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ToDD Contribution Guide

If you're thinking about contributing, then before you write any code, please communicate with the ToDD community first. In these early days, ToDD is going through a lot of changes, and I would hate for you to waste your time writing code that may already be in progress, or no longer needed. For any immediate issues, please open a Github issue, and be specific about the problem you're having and/or would like to tackle. For longer conversations, please use the mailing list.

I am still building out the CI pipeline, but I will be fairly strict about contributions with respect to Golang idioms and proper unit/integration testing. Now that ToDD is open sourced, I want to focus on these much more, and as a result I want to make sure contributions help, not hurt this effort. Here are some resources that may help you in this regard:

My preferred methodology for contributing is still being worked out, so for the time being, err on the side of caution and start a conversation with me via a github issue first. I'll do my best to be responsive towards that medium.

Please refer to the .travis.yml file in the root of the repository in order to see the build steps being performed. I will not look at a PR until it produces a passing build, so to save time, try to run these build steps yourself on your own machine first.

Also, and this is important - the smaller and more single-purpose your PRs are, the better. I am happy to review just about any PR that passes the build and seems to be a good idea, but I do have a day job and if you want a quick turnaround, keep them small!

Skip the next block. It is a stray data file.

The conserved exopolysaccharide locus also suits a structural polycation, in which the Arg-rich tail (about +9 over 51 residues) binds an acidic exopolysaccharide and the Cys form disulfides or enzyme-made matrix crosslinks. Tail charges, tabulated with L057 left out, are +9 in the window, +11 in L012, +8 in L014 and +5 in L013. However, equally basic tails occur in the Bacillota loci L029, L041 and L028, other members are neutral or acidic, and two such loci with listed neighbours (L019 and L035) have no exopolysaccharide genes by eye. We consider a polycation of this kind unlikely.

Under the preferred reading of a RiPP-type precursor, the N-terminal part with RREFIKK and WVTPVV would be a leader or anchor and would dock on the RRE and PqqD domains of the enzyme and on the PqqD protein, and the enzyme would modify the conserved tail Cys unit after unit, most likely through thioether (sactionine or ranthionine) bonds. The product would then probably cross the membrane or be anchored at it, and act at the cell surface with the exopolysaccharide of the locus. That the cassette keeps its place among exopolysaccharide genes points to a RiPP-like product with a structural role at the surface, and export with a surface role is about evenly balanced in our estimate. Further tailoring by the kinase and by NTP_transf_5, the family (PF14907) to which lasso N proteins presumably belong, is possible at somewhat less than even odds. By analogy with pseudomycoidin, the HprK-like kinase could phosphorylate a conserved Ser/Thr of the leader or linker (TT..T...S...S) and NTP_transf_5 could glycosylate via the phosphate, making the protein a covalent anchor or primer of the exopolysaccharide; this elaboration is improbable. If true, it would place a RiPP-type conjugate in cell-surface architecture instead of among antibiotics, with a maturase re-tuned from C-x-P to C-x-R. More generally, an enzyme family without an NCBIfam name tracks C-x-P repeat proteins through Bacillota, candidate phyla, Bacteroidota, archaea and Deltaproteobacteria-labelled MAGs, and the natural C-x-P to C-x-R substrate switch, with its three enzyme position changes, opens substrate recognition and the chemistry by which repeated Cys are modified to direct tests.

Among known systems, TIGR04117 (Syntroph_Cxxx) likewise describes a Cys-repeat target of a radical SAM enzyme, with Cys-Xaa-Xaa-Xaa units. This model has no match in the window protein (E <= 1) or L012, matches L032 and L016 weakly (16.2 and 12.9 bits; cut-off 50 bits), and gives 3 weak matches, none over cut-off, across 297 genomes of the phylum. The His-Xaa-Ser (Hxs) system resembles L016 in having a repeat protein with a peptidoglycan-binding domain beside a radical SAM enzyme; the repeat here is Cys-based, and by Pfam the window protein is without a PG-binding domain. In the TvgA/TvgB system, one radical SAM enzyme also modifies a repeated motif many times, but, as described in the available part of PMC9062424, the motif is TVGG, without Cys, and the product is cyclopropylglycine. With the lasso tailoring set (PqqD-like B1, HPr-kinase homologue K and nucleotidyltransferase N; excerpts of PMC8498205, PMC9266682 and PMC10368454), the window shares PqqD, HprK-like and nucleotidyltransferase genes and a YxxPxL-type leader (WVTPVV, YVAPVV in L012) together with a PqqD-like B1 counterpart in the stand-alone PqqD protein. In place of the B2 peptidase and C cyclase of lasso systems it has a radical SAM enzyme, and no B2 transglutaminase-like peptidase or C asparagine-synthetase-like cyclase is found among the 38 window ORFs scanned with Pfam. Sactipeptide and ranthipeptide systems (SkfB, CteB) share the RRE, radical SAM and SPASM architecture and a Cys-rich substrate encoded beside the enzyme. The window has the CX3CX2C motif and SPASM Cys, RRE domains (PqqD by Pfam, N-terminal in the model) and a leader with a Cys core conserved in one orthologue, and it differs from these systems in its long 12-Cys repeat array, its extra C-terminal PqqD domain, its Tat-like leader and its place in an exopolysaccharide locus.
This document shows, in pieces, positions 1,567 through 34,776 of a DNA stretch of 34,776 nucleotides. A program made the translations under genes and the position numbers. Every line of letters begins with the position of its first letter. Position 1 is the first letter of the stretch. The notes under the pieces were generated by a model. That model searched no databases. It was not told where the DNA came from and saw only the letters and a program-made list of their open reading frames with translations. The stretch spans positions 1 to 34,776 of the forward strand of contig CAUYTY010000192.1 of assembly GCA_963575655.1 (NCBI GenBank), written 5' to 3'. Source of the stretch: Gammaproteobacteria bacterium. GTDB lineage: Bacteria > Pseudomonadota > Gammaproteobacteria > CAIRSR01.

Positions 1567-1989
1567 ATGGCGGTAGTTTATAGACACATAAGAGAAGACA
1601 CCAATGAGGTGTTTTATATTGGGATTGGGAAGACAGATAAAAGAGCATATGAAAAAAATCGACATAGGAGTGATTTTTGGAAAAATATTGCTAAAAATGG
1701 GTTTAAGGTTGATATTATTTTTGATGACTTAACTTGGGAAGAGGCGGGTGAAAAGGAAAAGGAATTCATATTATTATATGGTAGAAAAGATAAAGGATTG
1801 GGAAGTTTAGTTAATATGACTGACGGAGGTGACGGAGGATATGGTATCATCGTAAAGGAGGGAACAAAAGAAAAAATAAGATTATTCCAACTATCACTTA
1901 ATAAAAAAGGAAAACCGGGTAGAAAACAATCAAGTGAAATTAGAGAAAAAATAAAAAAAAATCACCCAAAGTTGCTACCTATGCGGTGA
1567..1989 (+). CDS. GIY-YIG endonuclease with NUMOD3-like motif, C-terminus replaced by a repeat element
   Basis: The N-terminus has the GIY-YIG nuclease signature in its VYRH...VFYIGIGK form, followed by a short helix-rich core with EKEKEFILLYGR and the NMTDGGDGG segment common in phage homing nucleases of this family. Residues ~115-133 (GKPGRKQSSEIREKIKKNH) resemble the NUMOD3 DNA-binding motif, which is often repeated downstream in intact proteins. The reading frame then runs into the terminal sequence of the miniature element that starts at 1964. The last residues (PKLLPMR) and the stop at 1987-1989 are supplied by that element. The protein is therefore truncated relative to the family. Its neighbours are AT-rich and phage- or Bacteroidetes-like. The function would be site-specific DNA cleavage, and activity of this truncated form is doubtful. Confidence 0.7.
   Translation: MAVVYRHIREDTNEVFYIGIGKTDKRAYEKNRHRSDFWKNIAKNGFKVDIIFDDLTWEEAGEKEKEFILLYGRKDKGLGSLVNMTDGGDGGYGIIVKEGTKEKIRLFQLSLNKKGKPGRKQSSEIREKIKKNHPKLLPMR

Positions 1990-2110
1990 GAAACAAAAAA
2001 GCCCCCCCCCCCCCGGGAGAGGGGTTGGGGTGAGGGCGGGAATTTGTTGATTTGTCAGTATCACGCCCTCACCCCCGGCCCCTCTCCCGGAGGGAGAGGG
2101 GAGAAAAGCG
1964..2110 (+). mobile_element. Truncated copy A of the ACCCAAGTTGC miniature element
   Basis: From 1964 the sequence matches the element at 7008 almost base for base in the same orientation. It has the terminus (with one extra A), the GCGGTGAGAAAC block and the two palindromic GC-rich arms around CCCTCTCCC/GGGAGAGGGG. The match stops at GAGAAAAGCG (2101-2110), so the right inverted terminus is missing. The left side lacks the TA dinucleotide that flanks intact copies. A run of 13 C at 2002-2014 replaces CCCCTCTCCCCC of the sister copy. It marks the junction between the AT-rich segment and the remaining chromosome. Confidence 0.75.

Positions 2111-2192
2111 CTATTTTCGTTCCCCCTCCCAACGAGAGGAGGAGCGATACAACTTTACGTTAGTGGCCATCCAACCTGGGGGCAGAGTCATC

If you're wondering what there is to work on, I try to keep the issues for this project populated with any known issues, so feel free to peruse that list.

Issues / Bug Reports

If you have a QUESTION, please ask on the #todd channel at Network to Code slack channel, or via the todd-developers email list. See additional resources for info on these communities.

If you are trying to report a bug, or other problems with ToDD, please open a Github issue. When opening an issue, be aware that you're going to be asked for a few things, and it will save you time to just provide them from the beginning:

  • Clear, concise explanation of the steps leading up to the problem (a.k.a how can a maintainer reproduce this issue on their own?)
  • ToDD server and agent configuration files
  • ToDD server and agent logs

Generally, the more information you can provide from the beginning, and the clearer it is, the more likely you'll get a quick, useful response. ToDD's used by folks all around the world, and sometimes waiting 12+ hours for a response is bad enough - having to go through the boilerplate discussions just adds to that.